The last few days seemed to be rather busy and I wasn’t able to keep up with my daily blogs, sorry!
Lectures are starting to grate on me, I just cannot sit still for 3 hours. On Wednesday our afternoon field trip was to Daitoku-ji, a Rinzai Zen temple known for its dry rock gardens. Daitoku-ji originated as a small monastery founded in 1315 by the monk Shuho Myocho
This is our meeting spot after lunch for the field trip, this tree is gorgeous!
We sat watching the rock garden for some time, unfortunately it brought me no thoughts of enlightenment and it did not bring me to any epiphanies.
At the Doshisha University today I bought the text books for intermediate Japanese (they are like 3x cheaper here), I have so much motivation to continue my language skills right now and I plan to take the intermediate class in the fall.
When I got home I worked on my assignments and recopied some of my notes, Tony came over to help me with one of my journals. After he left I got to bed super early, Yay!
So I know I haven’t done this before but I am behind on my blog and this last one was rather short so I’m going to combine two days here.
I had sooo many hours of sleep last night, today I feel great. I wasn’t dragging my feet trying to get ready and I didn’t need a coffee…until lecture started, even then I did pretty good paying attention (for a bit, which is longer then usual).
On Thursday our field trip was to Ginkakuji, The Temple of the Silver Pavilion. Ginkaku-ji is a Zen temple along Kyoto‘s eastern mountains (Higashiyama). In 1482, shogun Ashikaga Yoshimasa built his retirement villa on the grounds of today’s temple, modeling it after Kinkakuji (Golden Pavilion), his grandfather’s retirement villa at the base of Kyoto’s northern mountains (Kitayama). The villa was converted into a Zen temple after Yoshimasa’s death in 1490.
This temple was very beautiful but it was very difficult to appreciate it fully as the sky had decided to dump the entire oceans worth of water on us in one day. I don’t even know how to explain this to those of you back home and those who have not experienced this type of rain…it is nothing like Manitoba rain, its harder, faster, and there is 100x more of it. Today it was even lightening and thundering, the first time we have seen that in Japan.
…So I had worn a new outfit I had purchased here, I had received so many compliments on it today…unfortunately it was not the best choice for today. I was completely soaked by the time we even made it to the temple because the bus stop was a 20 min walk from the temple. Even my umbrella was dripping water on me, it was that saturated. The only thing on me that stayed dry was Natasha’s SLR camera and my iPhone, I did my best to protect it with my life Natasha.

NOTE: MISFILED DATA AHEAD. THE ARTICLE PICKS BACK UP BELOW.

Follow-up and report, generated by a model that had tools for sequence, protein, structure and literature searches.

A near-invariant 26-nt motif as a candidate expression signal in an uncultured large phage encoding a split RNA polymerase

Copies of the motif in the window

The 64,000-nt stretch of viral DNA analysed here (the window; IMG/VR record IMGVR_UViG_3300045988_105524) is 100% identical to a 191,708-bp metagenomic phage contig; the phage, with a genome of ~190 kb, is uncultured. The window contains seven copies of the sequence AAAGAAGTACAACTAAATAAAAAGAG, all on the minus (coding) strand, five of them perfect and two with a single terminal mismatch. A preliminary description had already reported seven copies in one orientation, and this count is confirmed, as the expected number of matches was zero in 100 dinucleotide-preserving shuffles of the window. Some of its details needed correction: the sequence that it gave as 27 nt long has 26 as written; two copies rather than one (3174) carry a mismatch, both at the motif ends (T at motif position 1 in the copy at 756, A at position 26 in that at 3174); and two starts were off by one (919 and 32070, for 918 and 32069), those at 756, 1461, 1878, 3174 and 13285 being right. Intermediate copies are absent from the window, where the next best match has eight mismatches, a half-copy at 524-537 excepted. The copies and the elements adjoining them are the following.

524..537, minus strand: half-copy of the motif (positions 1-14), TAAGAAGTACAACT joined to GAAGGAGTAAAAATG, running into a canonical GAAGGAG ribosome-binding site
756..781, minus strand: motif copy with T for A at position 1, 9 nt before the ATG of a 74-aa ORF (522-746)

I also wanted to share this, almost every Japanese woman wears heels at all times of the day, I have no idea how they do some much walking, standing, and stair climbing in 4-5 inch heels. So at Ginkaku-ji I saw this woman wearing at least 5 inch heels traipsing around on these…
Visitors that go to Ginkakuji also generally visit the Philosopher’s Path. a pleasant stone path through the Northern part of Kyoto’s Higashiyama district. Approximatley two kilometers long, the path begins around Ginkaku-ji and ends in the neighborhood of Nanzen-ji. The path gets its name due to Nishida Kitaro, one of Japan’s most famous philosophers, who was said to practice meditation while walking this route on his daily commute to Kyoto University.
I really didn’t want to do it which is unlike me, I like adventures, but today I was soaking wet and not having a good time. On the way down from the temple it stopped raining so I bought some thing to eat and my mood changed.
This is the “Potatornado” basically a potato on a skewer and deep fried. It was soo yummie. Oh, Tim and I also shared this giant cream puff filled with macha (green tea) flavored filling.
I’m really glad i ended up going on the walk because it turned out to be a really nice walk and I got some great pictures.
When I got home I avoided napping in hopes of getting to bed earlier. I did some much needed cleaning in my apartment and laundry for the upcoming overnight trip this weekend. I had a lot of motivation to get my school readings, journals and notes finished as the last week of the program will be rather busy (you will see as you read my blog). Right as I was getting into school work I was invited to go back to the university to speak with the Japanese students who will be attending the University of Winnipeg in the fall.I thought this could be a really good experience so I tagged along.
Most awkward experience that day…the English speaking students (there were 4 of us) were separated and given about 8 Japanese students each to speak with. At this point my Japanese language skills are more than horrid and they were all shy to speak in English, to top it off they didn’t have a lot of questions so I mostly rambled about Winnipeg this and that. At 10pm they turned out the lights in the cafeteria so we all headed home, on the way to the subway one of the guys at my table started a conversation with me. This surprised me because he hadn’t said much in the group but was more than willing to talk to me one on one. Any ways, it turns out that we were taking the same subway line in the same direction so we chatted until my stop, we also exchanged email and facebook details. It was pretty late when I got in, and none of my homework had been completed, but I had made a new friend! I tried to stay up and do more school work but soon gave up and went to bed.